Tights, £3, Dorothy Perkins
Shoes, £8 Priceless

And also, Caroline's outfit, which I thought was super cute!

All in all, a lovely day, and it was great to get to meet so many amazing bloggers!

Plus London: daytime

So this weekend I attended the much anticipated Plus London meet. Here's a picture during the day section, after we'd all finished shopping and met up again.

Read all about it, and see much better photographs of the event and the outfits on the tumblr here. I only have a few pics as I'm more than slightly awkward about talking/asking people for pictures of their awesome outfits. But suffice to say, it was amazing to see so many different styles in one place, and despite having never met anyone before (and er, being more than slightly socially awkward), I felt comfortable chatting with you all...

Here's what I wore during the day:
I bought the Beth Ditto high waisted skinnies at the very end of the Evans sale (they had 20% off last week, so I scored them for £8!), and actually haven't really taken them off since! They fit perfectly, and haven't sagged at all over the time I've worn them. I've never found a pair of jeans that fit me well at all (the two pairs I own are jeggings, and aren't hugely comfortable), so now I have them, I'm regretting not buying two pairs!

Jacket, Sabrosa Vintage at etsy, £30
Necklace, £2, Primark
Jeans, Beth Ditto for Evans, £8
Shoes, Priceless, £8
Sequinned belt, £3, Dorothy Perkins

Wednesday, February 2

Sewing on a Budget

Sorry for my lack of posting this week! I am super busy, making a dress for the Plus London meet. Also my house hunting has been going badly (we lost out on three houses in a row, and now we’re easing off a bit, to avoid further disappointments), so I’m a bit glum.

As most of you probably know, I am a burgeoning crafter. By that, I mean that for many years I have attempted crafts of sorts. I am a average knitter, a failed crocheter, and I’m interested in embroidery and quilting (though as they are both time consuming hobbies, I haven’t really attempted any yet). As far as crafting goes, I’m not amazing - I work a full time job that sees me out of the house for 11 hours a day, five days a week, and I’m also juggling a long distance relationship, a semi-”band” of sorts and - oh yeah - blogging! So most of the time, I’m lucky to have an hour or two to myself a day, and quite frankly, I don’t have the time to build up epic skills.

Sewing is my favourite hobby, and it’s also the most cost-effective. I’m a bargain hunter in all other aspects, so I don’t believe that crafting should cost you the earth, though it can very easily do so. I’ve yet to pay more than £3 per metre for a fabric, and I can generally craft something which, if I bought, I’d pay lots for (if I could!).

My favourite things to make clothes out of include:

  • Second hand sheets, curtains, duvets. These are great sources of cheap heavy cottons in large quantities, and generally won’t set you back much more than £4 maximum.
  • Vintage fabrics, where available and affordable. I buy these from car boot sales mainly, occasionally shops.
  • Other items of clothing (I have made quite a few granny skirts into pleated skirts with fitted waists. These are cheap and easy to find in charity shops, and are often on the £1 rail!)

For modern fabrics, I also find eBay to be a great resource. Whilst not super cheap, I often pay less on eBay for fabric by the metre than I do in haberdashery shops. Etsy also has fabric options, though I don’t find them particularly cheap.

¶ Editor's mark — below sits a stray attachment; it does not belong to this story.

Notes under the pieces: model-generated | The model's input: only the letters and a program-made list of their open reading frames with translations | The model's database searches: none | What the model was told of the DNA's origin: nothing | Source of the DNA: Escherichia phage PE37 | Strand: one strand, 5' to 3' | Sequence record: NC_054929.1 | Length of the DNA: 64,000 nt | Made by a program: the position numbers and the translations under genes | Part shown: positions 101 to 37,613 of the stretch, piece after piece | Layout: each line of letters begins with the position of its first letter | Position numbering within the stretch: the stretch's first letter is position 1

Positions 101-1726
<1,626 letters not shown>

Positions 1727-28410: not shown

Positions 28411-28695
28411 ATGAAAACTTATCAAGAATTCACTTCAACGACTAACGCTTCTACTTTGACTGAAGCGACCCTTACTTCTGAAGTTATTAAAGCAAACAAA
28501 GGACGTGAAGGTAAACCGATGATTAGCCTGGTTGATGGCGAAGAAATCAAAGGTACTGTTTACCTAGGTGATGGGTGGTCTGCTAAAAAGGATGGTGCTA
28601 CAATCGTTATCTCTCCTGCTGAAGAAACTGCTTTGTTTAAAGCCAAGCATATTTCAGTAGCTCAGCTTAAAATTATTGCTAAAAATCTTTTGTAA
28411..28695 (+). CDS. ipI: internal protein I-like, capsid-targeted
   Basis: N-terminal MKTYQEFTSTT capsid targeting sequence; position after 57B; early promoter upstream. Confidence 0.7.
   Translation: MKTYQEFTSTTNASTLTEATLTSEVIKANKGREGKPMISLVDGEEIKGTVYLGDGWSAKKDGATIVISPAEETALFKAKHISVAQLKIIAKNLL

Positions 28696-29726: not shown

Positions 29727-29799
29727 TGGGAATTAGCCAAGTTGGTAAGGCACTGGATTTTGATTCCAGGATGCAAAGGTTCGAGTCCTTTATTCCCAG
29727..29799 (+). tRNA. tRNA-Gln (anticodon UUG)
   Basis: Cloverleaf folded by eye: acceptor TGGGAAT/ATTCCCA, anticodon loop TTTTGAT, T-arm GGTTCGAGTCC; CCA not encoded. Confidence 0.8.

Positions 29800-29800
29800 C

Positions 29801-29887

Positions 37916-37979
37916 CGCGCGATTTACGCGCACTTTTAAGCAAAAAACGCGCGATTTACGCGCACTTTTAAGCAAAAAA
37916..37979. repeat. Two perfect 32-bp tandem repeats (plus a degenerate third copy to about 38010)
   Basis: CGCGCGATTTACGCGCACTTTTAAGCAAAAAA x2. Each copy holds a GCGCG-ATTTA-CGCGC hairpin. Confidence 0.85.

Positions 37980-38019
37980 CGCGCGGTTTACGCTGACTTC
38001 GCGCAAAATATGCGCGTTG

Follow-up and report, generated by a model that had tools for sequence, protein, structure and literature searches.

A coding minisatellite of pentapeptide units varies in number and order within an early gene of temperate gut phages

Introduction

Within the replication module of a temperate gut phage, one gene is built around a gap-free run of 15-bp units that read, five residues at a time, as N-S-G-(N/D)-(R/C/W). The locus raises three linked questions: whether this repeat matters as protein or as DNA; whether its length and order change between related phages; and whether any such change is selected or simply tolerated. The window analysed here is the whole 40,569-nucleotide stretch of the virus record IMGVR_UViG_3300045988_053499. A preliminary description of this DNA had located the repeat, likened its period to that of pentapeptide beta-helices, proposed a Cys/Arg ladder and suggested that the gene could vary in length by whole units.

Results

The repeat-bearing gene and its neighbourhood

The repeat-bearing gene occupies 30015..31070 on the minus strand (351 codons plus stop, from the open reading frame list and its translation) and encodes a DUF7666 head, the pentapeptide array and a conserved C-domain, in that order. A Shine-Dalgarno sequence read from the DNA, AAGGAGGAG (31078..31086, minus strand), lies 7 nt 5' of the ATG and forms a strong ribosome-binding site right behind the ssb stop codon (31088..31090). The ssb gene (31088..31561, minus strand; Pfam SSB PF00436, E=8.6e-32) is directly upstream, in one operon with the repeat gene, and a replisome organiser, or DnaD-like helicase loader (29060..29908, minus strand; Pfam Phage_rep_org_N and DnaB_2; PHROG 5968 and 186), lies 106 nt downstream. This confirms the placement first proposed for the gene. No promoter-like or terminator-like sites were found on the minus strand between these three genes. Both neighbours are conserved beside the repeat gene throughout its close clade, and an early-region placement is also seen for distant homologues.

Patterns are pretty tricky to find in plus sizes, so in these cases, learning to enlarge patterns is your best bet. There are often boxes of patterns in car boot and antiques sales, these are also often to be found on etsy and eBay, so finding patterns for reasonable prices isn't too hard. My skills aren’t quite up to enlarging patterns yet, but I reckon this is the best route to go. Some swift googling just brought me to this, which looks like a reasonable and easy technique to size up vintage patterns, which I am definitely trying next. I’ve also been recommended this book as a resource, though I haven’t bought it yet so am curious to know if it’s as valuable a resource as I’ve been led to believe?

I also recommend searching for online tutorials, using the internet to self-tutor myself in the techniques of garment construction itself. Sometimes what you are looking for is easier to make than you imagine! Also, try inspecting items of clothing you already own, or in high street stores - I made my first skirt by sketching around the outline of a skirt I already owned, then stitching the sides and hems with a simple straight stitch. Start to think about how clothing is made, even if it’s beyond your immediate capabilities, it allows you to better understand what a project requires. I’ve made dresses out of stretchy fabrics with a similar approach (but sketching around a body con dress instead).

With my projects, I try not to expect perfection straight away. My projects started with fairly basic objects - cushion covers and a-line skirts without zips, now I’m competent sewing from patterns and making a relatively tailored dress. With each project I try to advance my skills slightly - in my latest project, I fitted a concealed zip for the first time, and adapted a neckline. It went as well as could be expected (though certainly not professional quality) apart from the neckline, which I ended up having to pleat slightly. Because I spend little on fabrics, I can also afford to make mistakes (though it is always a disappointment!).

As a last note, if you’re just starting out, don’t buy a new sewing machine!Depending on where you live, it’s worth checking whether there are any local resources that allow free use of sewing machines, or allow you to rent one by the hour. I remember Remade in Leeds used to do this, and it was a great way to get a sense of whether sewing was “for you” or not. Personally, I would recommend starting with an older model with a hand crank mechanism. These are everywhere in second hand shops, car boot sales, and on eBay (I got mine for £15 from a car boot), and range between £10 and £50 generally, though £20-30 is the average. These are less daunting to control as a beginner, as you are in full control of the mechanism. They only offer straight stitch, but this is generally all I use currently anyway, and they’re also incredibly durable in the long term.

Otherwise, try buying a refurbished vintage electric sewing machine. I bought mine from eBay for about £50 including postage, though if you look for electric models that haven’t been refurbished further bargains can be had.

Online resources:

DIY Couture

Burda style (check out the “curvaceous” section on the community!)

Gerty’s New Blog For Better Sewing

If anyone has more, please post them in the comments!